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Man, 55, in coma after bike accident

Robyn Moormeister

Grass Valley police are urging bicyclists to wear their helmets after a 55-year-old man without a helmet fell off his bike at Condon Park and suffered a serious head injury.

At 5:08 p.m. Thursday, a caller from Minnie Street at Brighton Street reported a bicyclist was lying in the entry area at the park, bleeding profusely.

Witnesses told police that the man, Harley Freed, fell from his bike and there was no vehicle involved in the accident, Grass Valley Police Capt. Dave Remillard said.

A helicopter landed in the ballfield and took Freed to Sutter Roseville Medical Center.

Freed was in a coma Thursday night, according to police logs.

Hospital spokeswoman Robin Montgomery said Friday that Freed was in critical condition.

While there are no laws that require bicyclists to wear helmets, Remillard said, common sense dictates riders should protect themselves.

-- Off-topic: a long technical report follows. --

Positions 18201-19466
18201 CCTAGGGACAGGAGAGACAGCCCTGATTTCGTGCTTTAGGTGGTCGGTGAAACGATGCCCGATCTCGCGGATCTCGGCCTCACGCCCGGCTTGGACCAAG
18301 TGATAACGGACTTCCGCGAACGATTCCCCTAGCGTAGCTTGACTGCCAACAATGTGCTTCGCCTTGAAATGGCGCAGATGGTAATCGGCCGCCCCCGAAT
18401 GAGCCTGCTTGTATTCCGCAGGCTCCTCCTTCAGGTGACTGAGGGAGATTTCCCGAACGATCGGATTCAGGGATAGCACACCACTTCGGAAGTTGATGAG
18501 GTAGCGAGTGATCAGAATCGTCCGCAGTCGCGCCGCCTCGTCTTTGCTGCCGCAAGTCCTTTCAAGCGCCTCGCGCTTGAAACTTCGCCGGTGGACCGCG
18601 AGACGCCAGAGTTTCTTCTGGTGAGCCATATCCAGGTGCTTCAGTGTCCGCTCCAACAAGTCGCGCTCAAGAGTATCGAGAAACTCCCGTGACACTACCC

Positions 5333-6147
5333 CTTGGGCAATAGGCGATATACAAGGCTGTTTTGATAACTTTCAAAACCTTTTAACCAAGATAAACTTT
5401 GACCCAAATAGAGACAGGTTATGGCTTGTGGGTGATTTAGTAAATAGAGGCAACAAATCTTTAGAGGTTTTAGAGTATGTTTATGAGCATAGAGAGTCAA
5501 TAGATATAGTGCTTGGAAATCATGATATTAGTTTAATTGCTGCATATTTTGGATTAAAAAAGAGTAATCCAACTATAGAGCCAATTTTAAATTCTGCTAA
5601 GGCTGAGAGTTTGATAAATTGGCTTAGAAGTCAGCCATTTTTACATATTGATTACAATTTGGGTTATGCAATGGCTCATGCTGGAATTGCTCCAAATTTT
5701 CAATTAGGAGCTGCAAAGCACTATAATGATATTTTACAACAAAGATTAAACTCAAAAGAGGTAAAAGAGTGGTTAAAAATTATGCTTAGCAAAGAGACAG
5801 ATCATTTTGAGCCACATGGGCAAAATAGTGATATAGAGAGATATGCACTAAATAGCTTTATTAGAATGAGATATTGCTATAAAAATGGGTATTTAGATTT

“It’s always a good idea to wear a helmet,” said Grass Valley Police Capt. Dave Remillard. “I always wear mine.”

This happens to be helmet safety week, he said.


To contact Staff Writer Robyn Moormeister, e-mail robynm@theunion.com or call 477-4236.

Bicycle safety

According to statistics compiled by the Bicycle Helmet Safety Institute:

• There are 85 million bicycle riders in the United States.

• 784 bicyclists died on U.S. roads in 2005 and 92 percent of them (720) died in crashes with motor vehicles.

• About 540,000 bicyclists visit emergency rooms with injuries every year. Of those, about 67,000 have head injuries, and 27,000 have injuries serious enough to be hospitalized.

• Bicycle crashes and injuries are under-reported, since the majority are not serious enough for emergency room visits.

• One in eight of the cyclists with reported injuries has a brain injury.

• Two-thirds of the deaths here are from traumatic brain injury.

• A very high percentage of cyclists’ brain injuries can be prevented by a helmet, estimated at anywhere from 45 to 88 percent.

• Many years of potential life are lost because about half of the deaths are children under 15 years old.

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